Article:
Harira is an authentic Moroccan soup made of tomato, lentils, and chickpeas, but also includes meat, making it a filling and satisfying dish. There are many variations, and recipes are often passed down from generation to generation. Some versions, such as this one, feature broken pieces of vermicelli and smen--a preserved butter with a Parmesan-like taste.
Harira recipes yield a delicious, hearty soup which can be served as a filling lunch or light supper. Although served year-round, it is particularly popular during Ramadan, when it is served to break the fast.
The recipe follows the pressure cooker method which speeds up the cooking. To adapt cooking times for traditionally simmering in a stockpot, follow the directions for the traditional stockpot method.
Before proceeding with the recipe, read the steps "Ahead of Time" for a simpler cooking process.
- 1/2 pound uncooked meat (lamb, beef or chicken), chopped into 1/2-inch pieces
- Optional: several soup bones
- 3 tablespoons vegetable oil
- 1 bunch cilantro (coriander), finely chopped to yield about 1/4 cup
- 1 bunch fresh parsley, finely chopped to yield about 1/4 cup
- 1 or 2 celery stalks with leaves, finely chopped
- 1 large onion, grated
- 1 handful of dried chickpeas, soaked and then peeled
- 1 tablespoon smen (optional)
- 1 teaspoon ground cinnamon
- 1 tablespoon ground ginger
- 1 1/2 teaspoons pepper
- 1 tablespoon kosher salt
- 1/2 teaspoon turmeric or ¼ teaspoon yellow colorant
- 6 large tomatoes (about 2 pounds), peeled, seeded and pureed
- 3 cups water
- 2 to 3 tablespoons dried lentils, picked over and washed
- 3 tablespoons tomato paste, mixed evenly into 1 or 2 cups of water
- 2 to 3 tablespoons uncooked rice or uncooked broken vermicelli
Ahead of Time
Make sure you have all the ingredients. Before you begin cooking the soup:
- Pick the parsley and cilantro leaves from their stems. Small pieces of stem are all right but discard long, thick pieces with no leaves. Wash the herbs, drain well, and finely chop them by hand or with a food processor.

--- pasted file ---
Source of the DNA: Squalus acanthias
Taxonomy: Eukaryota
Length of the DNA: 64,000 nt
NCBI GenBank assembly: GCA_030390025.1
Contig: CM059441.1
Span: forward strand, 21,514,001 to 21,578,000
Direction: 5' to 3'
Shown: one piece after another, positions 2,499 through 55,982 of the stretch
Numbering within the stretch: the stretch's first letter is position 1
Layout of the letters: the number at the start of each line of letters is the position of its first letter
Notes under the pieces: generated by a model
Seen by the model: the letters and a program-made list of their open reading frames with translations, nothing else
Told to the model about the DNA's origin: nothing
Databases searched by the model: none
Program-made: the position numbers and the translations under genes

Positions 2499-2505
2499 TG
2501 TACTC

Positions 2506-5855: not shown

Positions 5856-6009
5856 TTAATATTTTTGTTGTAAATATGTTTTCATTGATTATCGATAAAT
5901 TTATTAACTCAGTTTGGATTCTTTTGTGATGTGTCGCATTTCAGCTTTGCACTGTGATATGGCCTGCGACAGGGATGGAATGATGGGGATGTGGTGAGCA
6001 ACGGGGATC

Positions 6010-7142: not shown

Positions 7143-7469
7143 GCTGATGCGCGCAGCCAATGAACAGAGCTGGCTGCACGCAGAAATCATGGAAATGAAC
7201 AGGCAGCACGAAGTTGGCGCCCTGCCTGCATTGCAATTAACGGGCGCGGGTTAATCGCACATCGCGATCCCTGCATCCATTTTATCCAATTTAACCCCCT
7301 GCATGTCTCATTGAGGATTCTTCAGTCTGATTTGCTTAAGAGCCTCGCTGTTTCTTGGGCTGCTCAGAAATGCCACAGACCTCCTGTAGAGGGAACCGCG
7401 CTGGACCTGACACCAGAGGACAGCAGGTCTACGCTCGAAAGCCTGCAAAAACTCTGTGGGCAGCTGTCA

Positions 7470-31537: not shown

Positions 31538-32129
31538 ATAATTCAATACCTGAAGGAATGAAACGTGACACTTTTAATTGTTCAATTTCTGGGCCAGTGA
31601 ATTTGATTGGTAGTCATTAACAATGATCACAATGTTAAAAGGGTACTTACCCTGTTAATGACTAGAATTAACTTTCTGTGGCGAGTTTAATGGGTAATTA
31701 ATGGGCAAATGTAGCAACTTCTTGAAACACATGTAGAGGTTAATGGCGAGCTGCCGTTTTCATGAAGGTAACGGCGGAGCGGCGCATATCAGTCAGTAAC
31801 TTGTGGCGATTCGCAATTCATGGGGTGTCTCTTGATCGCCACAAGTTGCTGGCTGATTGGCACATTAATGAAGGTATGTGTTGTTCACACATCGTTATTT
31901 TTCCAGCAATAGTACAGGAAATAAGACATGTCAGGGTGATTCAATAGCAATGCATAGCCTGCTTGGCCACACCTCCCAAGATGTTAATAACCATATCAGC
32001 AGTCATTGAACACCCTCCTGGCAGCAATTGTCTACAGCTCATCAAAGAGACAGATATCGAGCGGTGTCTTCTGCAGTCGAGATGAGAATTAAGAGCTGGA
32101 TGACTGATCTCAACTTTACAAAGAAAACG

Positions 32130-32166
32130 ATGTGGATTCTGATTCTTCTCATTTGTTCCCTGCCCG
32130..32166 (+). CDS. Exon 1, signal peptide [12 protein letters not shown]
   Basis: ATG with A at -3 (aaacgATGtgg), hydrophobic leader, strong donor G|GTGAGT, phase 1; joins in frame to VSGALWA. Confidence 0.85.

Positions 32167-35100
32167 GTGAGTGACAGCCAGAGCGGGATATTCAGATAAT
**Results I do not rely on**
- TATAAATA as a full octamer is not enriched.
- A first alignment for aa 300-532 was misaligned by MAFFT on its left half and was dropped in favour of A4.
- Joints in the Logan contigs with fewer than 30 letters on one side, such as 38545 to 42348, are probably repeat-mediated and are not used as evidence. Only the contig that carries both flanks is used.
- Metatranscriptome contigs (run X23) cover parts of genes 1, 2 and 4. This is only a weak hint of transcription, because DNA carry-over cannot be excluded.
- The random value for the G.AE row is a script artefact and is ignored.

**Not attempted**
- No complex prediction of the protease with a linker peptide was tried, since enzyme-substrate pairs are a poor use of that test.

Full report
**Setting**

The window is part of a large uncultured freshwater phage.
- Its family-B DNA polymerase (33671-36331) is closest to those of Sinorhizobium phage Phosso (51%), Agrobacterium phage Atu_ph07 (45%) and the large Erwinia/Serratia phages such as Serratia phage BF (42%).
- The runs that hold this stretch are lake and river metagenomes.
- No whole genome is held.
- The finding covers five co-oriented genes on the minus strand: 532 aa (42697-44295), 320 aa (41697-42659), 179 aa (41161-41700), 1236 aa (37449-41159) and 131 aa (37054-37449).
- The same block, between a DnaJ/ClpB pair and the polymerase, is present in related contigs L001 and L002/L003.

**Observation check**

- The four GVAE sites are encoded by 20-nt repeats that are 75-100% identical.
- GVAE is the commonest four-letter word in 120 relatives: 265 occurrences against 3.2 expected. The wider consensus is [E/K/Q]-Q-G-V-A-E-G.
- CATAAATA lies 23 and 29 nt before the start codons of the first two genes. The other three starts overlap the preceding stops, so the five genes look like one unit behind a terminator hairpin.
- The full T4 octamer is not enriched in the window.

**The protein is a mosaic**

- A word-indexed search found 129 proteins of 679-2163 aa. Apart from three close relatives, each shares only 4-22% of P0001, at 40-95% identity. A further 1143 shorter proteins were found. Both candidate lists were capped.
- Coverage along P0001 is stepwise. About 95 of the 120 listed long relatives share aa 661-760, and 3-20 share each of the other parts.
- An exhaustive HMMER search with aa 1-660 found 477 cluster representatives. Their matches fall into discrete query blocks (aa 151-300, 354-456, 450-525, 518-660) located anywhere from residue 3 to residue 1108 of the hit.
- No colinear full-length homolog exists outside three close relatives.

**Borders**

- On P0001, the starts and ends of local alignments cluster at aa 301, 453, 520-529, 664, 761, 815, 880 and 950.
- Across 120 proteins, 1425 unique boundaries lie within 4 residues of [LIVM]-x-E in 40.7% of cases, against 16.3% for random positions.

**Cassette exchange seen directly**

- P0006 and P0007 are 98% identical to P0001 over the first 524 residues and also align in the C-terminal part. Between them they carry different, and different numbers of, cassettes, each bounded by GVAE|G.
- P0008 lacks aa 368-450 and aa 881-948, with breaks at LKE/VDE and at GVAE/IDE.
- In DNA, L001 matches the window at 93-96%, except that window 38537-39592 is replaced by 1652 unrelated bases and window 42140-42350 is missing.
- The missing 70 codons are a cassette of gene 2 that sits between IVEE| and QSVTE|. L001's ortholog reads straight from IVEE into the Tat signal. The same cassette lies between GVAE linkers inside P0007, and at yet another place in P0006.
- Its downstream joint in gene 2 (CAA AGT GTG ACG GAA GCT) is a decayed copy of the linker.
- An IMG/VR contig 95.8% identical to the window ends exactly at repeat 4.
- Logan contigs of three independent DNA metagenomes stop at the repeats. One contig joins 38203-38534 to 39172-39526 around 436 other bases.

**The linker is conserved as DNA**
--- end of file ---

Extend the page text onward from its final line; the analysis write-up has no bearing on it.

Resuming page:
- Soak and skin the chickpeas. (You might want to soak them the night before you cook.)
- Peel, seed and puree the tomatoes in a blender or food processor. Or, stew the tomatoes and pass them through a food mill to remove the seeds and skin.
- Pick through the lentils and wash them.
Assemble the remaining ingredients and follow the steps below.
Brown the Meat
- Put the meat, soup bones and oil into a 6-quart or larger pressure cooker.
- Over medium heat, cook the meat for a few minutes, stirring to brown all sides.
Make the Stock
- Add the cilantro, parsley, celery, onion, chickpeas, smen (if using), spices and tomatoes. Stir in 3 cups of water.
- Cover tightly, and heat over high heat until pressure is achieved. Reduce the heat to medium, and cook for 20 to 30 minutes. Remove from the heat and release the pressure.
Make the Soup
- Add the lentils, tomato paste mixture, and 2 quarts of water to the stock.
- Set aside (but don’t add yet) either the rice or vermicelli.
- Cover the pot and heat the soup over high heat until pressure is achieved. Reduce the heat to medium and continue cooking.